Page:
Do you compliment freely? Which do you do more often – compliment or criticize? The consensus seems to be that we are in a hand basket on our way to hell. It doesn’t matter where you look, people jump on each other for saying or doing anything, even with the best of intentions.
Here are just a few recent examples of companies and people that were taken to task for doing or saying the wrong thing:
- Shea Moisture – For including white women in their latest ad campaign.
- Pepsi – For suggesting that Kendall Jenner and Pepsi can end racism, among other issues.
- Anything Sean Spicer says.
- Everything President Trump says or does including breathing.
I’m not passing judgment on any of these examples or their respective backlash, but I do think we’d all do ourselves a huge favor if instead of jumping on the outrage bandwagon, we used our energy to compliment rather than criticize.
If You Can’t Say Anything Nice…
My grandmother always said – “If you can’t say anything nice, don’t say anything at all”. She didn’t always follow her own advice, but that’s a discussion for another time.
Have you ever received a compliment from a stranger and it seemed to instantly change your mood for the better? Not only does a compliment instantly make the receiver happy, but it also greatly boosts that person’s confidence.
Imagine a child trying to learn how to play a piece on the piano and a member of the family yells at them to stop making that racket. Will the child look forward to piano practice or will they dread it and eventually give up?
Learning anything new is difficult, in fact to master something it is suggested it takes at least 10k hours. That’s a lot of sucking at something until you “get” it.
And in those 10k hours of sucking at something, there’s an abundance of people willing to tell you how much you suck.
We Become what we Believe
When I was around 18 years old I picked up my brother from the University of Minnesota. It was late in the afternoon and I had my parents new beagle puppy in the car with me. I think I had taken the puppy to get shots. I only remember the puppy being in the car because it was then that we discovered he had motion sickness. Anyway, I rarely drove with my brother. If we were going somewhere together he was going to drive. However, it was late in the afternoon, the campus was busy and I didn’t want to park so pretty much I agreed to arrive at a specific place at a specific time and he jumped in the car while it was basically still moving. There wasn’t time to switch drivers.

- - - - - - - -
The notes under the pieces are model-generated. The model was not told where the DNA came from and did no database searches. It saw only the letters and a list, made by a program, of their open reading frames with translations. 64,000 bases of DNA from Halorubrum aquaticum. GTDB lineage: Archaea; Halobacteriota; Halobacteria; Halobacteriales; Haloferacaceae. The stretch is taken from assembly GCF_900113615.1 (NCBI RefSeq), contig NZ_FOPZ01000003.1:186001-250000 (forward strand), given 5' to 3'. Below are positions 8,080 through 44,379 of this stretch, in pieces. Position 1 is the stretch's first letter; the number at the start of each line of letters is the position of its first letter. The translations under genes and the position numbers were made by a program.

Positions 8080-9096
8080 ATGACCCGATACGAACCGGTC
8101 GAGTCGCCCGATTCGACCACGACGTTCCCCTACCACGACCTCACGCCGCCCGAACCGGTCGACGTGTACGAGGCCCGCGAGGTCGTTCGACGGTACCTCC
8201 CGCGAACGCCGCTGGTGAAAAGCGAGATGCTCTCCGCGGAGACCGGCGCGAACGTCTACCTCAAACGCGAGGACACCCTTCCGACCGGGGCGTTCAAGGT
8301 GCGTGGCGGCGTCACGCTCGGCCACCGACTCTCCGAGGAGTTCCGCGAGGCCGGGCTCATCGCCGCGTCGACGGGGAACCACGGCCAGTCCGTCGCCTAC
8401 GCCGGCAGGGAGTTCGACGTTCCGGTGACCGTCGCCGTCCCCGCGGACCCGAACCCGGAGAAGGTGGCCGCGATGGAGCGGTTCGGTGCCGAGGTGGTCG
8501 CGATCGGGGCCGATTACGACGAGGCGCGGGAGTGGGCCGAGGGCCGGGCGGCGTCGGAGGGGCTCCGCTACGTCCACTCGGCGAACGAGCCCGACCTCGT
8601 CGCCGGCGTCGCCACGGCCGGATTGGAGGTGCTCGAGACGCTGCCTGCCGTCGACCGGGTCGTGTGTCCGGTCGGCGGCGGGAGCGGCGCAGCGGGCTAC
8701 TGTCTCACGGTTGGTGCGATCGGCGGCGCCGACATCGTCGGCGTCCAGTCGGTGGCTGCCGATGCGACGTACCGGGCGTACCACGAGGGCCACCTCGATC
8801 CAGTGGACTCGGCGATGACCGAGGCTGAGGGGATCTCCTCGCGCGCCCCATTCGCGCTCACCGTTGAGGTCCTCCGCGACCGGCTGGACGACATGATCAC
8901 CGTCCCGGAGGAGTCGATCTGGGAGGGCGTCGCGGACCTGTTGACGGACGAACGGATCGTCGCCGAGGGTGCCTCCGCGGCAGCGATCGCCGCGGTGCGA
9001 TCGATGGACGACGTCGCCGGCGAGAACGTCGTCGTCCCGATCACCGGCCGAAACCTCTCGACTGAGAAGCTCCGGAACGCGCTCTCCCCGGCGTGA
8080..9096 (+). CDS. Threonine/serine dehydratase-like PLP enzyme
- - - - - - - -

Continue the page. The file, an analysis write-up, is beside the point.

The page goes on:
As we were crossing the bridge another car swerved over, obviously I was in his blind spot, and would have hit us if I hadn’t reacted quickly and swerved out of his way.
I executed the move flawlessly. I know this because my brother actually said I did some great driving.
He was impressed.
It was luck. Thankfully, there was just enough room on the other side of me to swerve – there was no one in the other lane.
I don’t mean to minimize my skills behind the wheel, but I had several accidents under my belt. It was luck combined with keeping a cool head – something I was not known for.
Because my brother, about the only person in my life who I looked up to, said I was a good driver, I believed it. In fact, since that time I have only been in two other accidents. Neither of which were my fault.
I am confident when I drive and consider myself a very good driver. Of course, I’ve probably done 10k hours worth of driving since that moment on the bridge with the sick puppy in the back seat. Make no mistake, there is no doubt in my mind that being told by someone I thought highly of that I was a good driver helped to make me a good driver.
We Believe what we Become
On the other hand, my brother used to call me “Post Toasties”. To this day I don’t know why he nick named me after a breakfast cereal. I only know it wasn’t a good nick name. It was not a term of endearment. I know this because he and his friends all laughed whenever he called me “Post Toasties”. They may have been laughing because that’s what big brothers and their friends do when teasing little sisters. However, I was a child and didn’t understand that sometimes kids do things without thinking too much about why they are doing them.
In my mind it was simply another way for him to call me “fat”, without my parents finding out. I jumped to that conclusion all by myself. It fit perfectly with what I had been told my grandmother, children at school and was seeing in the teen magazines I was devouring along with the Twinkies and PopTarts. I take full responsibility for the eating disorder I cultivated during those years, and I doubt a compliment would have been enough to prevent it from taking root, but it might have given me pause if someone had given me one.
Words we choose carry so much power. We can either uplift or we can tear down. Lately it seems, all we do is tear each other down.
Instead of criticizing try to compliment. If that isn’t possible – and let’s face it, it isn’t always possible – just remember you don’t have to say anything.
Compliment freely. You could be the difference between someone’s success or failure. A few small words can make all the difference in the world. So choose them wisely.
With my kids’ illness it can be very challenging. The compliments fly out of my mouth as often as I possibly can. Criticisms don’t fly. They are “teaching moments” and they can be really repetitive. But since there is always a chance one of them will stick, I will continue. They don’t always stick for long periods of time, but however long I still consider it progress.